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April 28, 2017     Cape Gazette
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April 28, 2017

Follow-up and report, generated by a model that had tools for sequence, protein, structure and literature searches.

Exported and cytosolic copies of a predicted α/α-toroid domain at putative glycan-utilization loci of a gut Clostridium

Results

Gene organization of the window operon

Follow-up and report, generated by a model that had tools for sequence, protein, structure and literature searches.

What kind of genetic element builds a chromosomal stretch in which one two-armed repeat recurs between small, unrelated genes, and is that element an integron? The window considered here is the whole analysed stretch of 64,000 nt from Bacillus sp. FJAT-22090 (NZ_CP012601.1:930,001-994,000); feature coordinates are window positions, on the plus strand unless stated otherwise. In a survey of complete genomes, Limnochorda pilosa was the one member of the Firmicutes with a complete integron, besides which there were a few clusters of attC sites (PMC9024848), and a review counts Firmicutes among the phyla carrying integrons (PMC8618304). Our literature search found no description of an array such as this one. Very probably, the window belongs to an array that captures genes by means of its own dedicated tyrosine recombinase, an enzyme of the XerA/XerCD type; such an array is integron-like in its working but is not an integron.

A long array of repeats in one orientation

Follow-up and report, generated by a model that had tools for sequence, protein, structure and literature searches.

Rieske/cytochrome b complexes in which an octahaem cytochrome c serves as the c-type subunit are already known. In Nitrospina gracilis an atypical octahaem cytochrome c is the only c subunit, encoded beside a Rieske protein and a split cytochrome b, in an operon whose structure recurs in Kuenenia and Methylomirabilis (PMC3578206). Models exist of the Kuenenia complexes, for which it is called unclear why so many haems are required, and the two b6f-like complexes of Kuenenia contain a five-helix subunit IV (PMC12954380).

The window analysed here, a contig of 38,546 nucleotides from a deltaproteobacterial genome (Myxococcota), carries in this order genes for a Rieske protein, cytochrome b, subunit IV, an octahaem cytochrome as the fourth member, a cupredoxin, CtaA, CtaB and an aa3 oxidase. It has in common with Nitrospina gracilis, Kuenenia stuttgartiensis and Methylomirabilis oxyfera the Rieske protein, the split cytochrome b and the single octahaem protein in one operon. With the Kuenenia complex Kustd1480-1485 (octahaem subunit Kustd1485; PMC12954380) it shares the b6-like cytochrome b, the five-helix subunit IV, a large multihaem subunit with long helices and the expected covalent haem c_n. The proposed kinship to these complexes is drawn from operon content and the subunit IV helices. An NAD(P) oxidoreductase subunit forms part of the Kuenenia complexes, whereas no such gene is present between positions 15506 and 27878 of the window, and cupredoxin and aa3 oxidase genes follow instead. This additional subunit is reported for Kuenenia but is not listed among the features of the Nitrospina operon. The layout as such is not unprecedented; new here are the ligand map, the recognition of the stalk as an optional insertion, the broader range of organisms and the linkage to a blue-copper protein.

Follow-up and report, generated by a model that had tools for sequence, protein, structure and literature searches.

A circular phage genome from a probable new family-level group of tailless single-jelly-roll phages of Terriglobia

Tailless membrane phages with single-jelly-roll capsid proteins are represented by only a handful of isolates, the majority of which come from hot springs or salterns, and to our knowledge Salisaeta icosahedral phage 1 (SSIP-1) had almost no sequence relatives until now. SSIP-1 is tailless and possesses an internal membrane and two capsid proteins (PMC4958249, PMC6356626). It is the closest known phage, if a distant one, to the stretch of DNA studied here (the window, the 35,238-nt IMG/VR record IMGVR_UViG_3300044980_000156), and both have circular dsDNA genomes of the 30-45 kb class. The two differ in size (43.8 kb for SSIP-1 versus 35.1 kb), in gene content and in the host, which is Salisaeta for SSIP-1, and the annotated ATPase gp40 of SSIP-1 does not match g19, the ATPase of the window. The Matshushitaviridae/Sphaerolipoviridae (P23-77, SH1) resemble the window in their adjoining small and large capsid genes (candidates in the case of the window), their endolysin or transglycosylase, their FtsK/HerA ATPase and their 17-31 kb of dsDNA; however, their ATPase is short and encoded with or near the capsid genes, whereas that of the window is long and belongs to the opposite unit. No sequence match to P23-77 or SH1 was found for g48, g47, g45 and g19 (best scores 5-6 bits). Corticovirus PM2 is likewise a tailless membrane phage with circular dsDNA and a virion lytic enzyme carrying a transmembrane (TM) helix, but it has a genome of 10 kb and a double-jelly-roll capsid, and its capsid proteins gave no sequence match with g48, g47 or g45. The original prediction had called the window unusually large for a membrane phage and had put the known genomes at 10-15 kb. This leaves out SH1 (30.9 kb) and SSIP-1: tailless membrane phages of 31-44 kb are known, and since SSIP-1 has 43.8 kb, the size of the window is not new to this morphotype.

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W e hauled Nellie Lankford down the peninsula, across the Ches- apeake, and into North Caro- lina last week to see how spring is progressing. Just below The South Starts Here sign at a fire- works and cheap smokes store at the Maryland and Virginia line, we pulled into a Food Lion for provisions. A friendly and frumpy white- haired lady wandered across the parking lot toward us. Looking at our rig, she smiled. “Don’t know where you’re going, but I hope you have a good time,” she said. “I used to live in Oregon, and my husband and I loved boating on the lakes there. Very pretty. It was fun. We lived in Puerto Rico for a while too.” She was chatty. It was early. We rolled out of Lewes at 0500 to make the bay bridge tun- nel by 0800 and we were on schedule. Maybe her coffee was kicking in, but we didn’t care. She was sweet. “After my husband died I moved back here, to Birds Nest, where I grew up. Not sure why. Family maybe. I have a hard time explaining to people why I moved back to Birds Nest. Loved Oregon. I have a hard time figuring it out for myself.” We said our goodbyes; she headed off toward the food store and we rolled back out onto Route 13. We launched in Coinjock, on the Intracoastal Waterway, known to most boaters who travel up and down the East Coast as the ICW. On the dock at Coinjock Marina and Restau- rant, we pulled behind a trawler and tied up for lunch. Norman told us the migration is on. “They’re all coming back north now from Florida,” he said. The boating snowbirds are job security for the marina and restaurant employees. We ate a bunch of seafood for lunch - scallops, crab cake, salmon, shrimp and a fine piece of pollack - chased with cold Chardonnay and slices of Miss Nonny’s homemade coconut cake. The cole slaw and pickled beets were also excellent. I recommend that restaurant highly. Nothing fancy. Just clean and simple with a pretty and friendly waitress. In the Intracoastal Waterway, the migration is on Continued on page 8 DENNIS FORNEY PHOTO AT 22 FEET, Nellie Lankford, in the foreground here, is usually the smallest cruiser we see on our travels. But not at the Alligator River Marina. Ted and Brenda Bost, from Wrightsville Beach, had ducked into the marina during their journey between Wrightsville and Edenton. Their little diesel-powered cruis- er named Favrile - a sea-glass green - measures in at 21 feet. Bost said the ves- sel is a Bruce Roberts-designed longboat that makes about six or seven knots. Compact comes to mind. She’s in the next slip over, beyond Nellie. displaced, a scenario that is now being seen in many cities across the country. It takes as little as 10 percent of short-term rentals to change the economics of the housing market in a given area, and in Sussex, that number is 30 percent. The effect is likely even greater when you consider that rentals are disproportionately in the eastern part of the county. How can we use the tourism data to better understand growth and its impact on infrastructure? What is its effect on other ele- ments of Sussex County’s 2018 Comprehensive Plan, such as af- fordable housing? Could revenue from a rental tax be put toward the additional cost burdens and also provide for affordable hous- ing? Those preparing Sussex Coun- ty’s 2018 Comprehensive Plan should use all applicable data to fix what is not working and to get a true picture of our future needs. Susan Gay Rehoboth Beach Sussex needs to protect its wetlands I want to thank the Cape Gazette and Maddy Lauria for the informative and well-written article on Delaware wetlands in the April 21 paper. Wetlands pro- vide many vital functions that are not immediately obvious to us. It is shortsighted of Sussex County Council to ignore the need to protect this resource. I urge everyone to read this article. I ask fellow residents to communicate with our elected representatives about the importance of protecting environmental resources. I ask Sussex County Council to include plans for parks, open space and adequate environment protec- tion in the Comprehensive Plan. This is a public health issue, not a discretionary item. And, I ask the Cape Gazette to continue to publish articles exploring the impact of rapid, poorly planned, and unregulated development in Sussex County. Thoughtful and thorough planning works well for everyone, developers and residents alike. Perrin Smith Lewes Sussex must take charge of traffic issue The following letter was sent to members of Sussex County Council with a copy to the Sussex Planning & Zoning Commissioners, and a copy also submitted to the Cape Gazette. Sussex County residents and visitors are demanding that Sussex County better manage growth and its impacts, espe- cially traffic, and it is high time for the county government to step up and do the job for which residents elected them. Sussex County Council has the legal authority to ensure that the 2018 Comprehensive Plan, now being drafted by the Planning & Zoning Commission, contains a thorough and robust growth and traffic management plan, and it must exercise that authority. For years residents have been told by Sussex County officials there is nothing they can do about roads and traffic; DelDOT is responsible. That is not true. Delaware law is unequivocal in that all land use decisions, from zoning to road levels of service, are the sole responsibility of the local governing body. The Dela- ware Supreme Court recently up- held a March 2016 Superior Court Decision in Golf Course Assoc, LLC v. New Castle County, that reaffirmed that the county has the authority over planning and traffic issues by clearly stating, “The court finds that state law, ... as well as judicial precedent vest the county with final authority to decide whether traffic issues war- rant denial of a land use permit.” The council has long known it has this authority. The Mobility Element of the 2008 Comprehen- sive Plan states “Sussex County Council is responsible for all land use decisions in the unincorpo- rated areas of the County.” That includes the levels of service (how freely traffic flows) on pub- lic roads and highway regardless of who owns them. They simply have chosen to let someone else do it to the detriment of resi- dents’ quality of life. That must change. Letters to the editor dating back to the 1990s expressed concerns about traffic, and those concerns grow greater by the day and can no longer be ignored. At all of last fall’s county-wide planning & zoning listening ses- sions, residents countywide, from north and south and from east and west, raised their concerns about traffic loud and clear. A full 68 percent of folks indicated in their comments on various plan elements that transportation and lack of infrastructure are their number one concerns (25 percent - Transportation, 23 percent - Land Use, and 20 percent - Land Conservation). It is as unacceptable now as it was 30 years ago for Sussex County officials to point their fingers at and defer to DelDOT to set the county’s road level of ser- vice and development standards, particularly when DelDOT’s lev- els of service standards over the past three decades have not even come close to being adequate to manage Sussex County’s conges- tion. County Council must do the job for which we are paying them, managing development for the betterment of all of the county’s residents. The place to begin is with a strong, thoughtful comprehensive plan, focused on outcomes and impacts. The plan must recommend strong stan- dards regarding traffic mitiga- tion and control measures to be applied to new development and incorporate them into the Land Use, Mobility and Conservation elements. New development should enhance our quality of life, our mobility and our safety, not detract from it. The residents of the county deserve nothing less. The Planning & Zoning Com- mission is holding a new series of listening sessions on the new draft comprehensive plan throughout the county in May. We encourage everyone to take 10 minutes to go to one of those Letters » Continued from page 6 Dennis Forney » BAREFOOTIN’ W e went out for a beer Friday night. Heard a great band from Austin. Three guys playing original bluegrass with range from Paul Simon’s “You Can Call Me Al” to Etta James’ “At Last.” The owner was there. He has a special ap- preciation for music. It’s reflected in the beer he brews: Miles Davis, and events he hosts: Record Store Days. He also appeared at his pub as part of a Rap duo! He’s about to end one chapter and begin a new one. In a few weeks Pat or one of the other wonderful folks behind the bar will draw the last pour. They’ll take down the old beer joint and we’ll all move next door to the glorious new beer palace! There’ll be a balcony, the artists will have their own green room and maybe it won’t be so darn cold when someone opens the front door in February! But my heart will rend. I’ve been going there regularly for almost all of the 20-some years it’s been there. The canoe, the row boat, the Pure sign, no clock! Its feel, its smell, the scruffy booths; he did get some new barstools a few years back. It’s nostalgia. Character of the community, some people will whine. Doesn’t fit in. But, we evolve. An expert came to town back in the fall and said change is going to happen; you can plan for it or you can just let it happen. The new place will look different. Hey, have you seen the new City Hall? Nostalgia is difficult to main- tan. It’s easy to lose control. It’s expensive. We must plan for the future, the expert said. And, actually, we have. But an even more important issue is com- munity investment. The new chapter could just as easily have begun out on the highway. All the aficionados and pilgrims could be lined up somewhere else. For the businesses west of City Hall as well as tourism citywide there’s going to be an even better anchor. The Funland for adults will continue to be an at- traction for all. It’ll be the new nostalgia. So relax, have a beer and listen to some music! Hoyte Decker Rehoboth Beach Nostalgia is difficult to maintain Cape Gazette VIEWPOINTS FRIDAY, APRIL 28 - MONDAY, MAY 1, 2017 7 Continued on page 8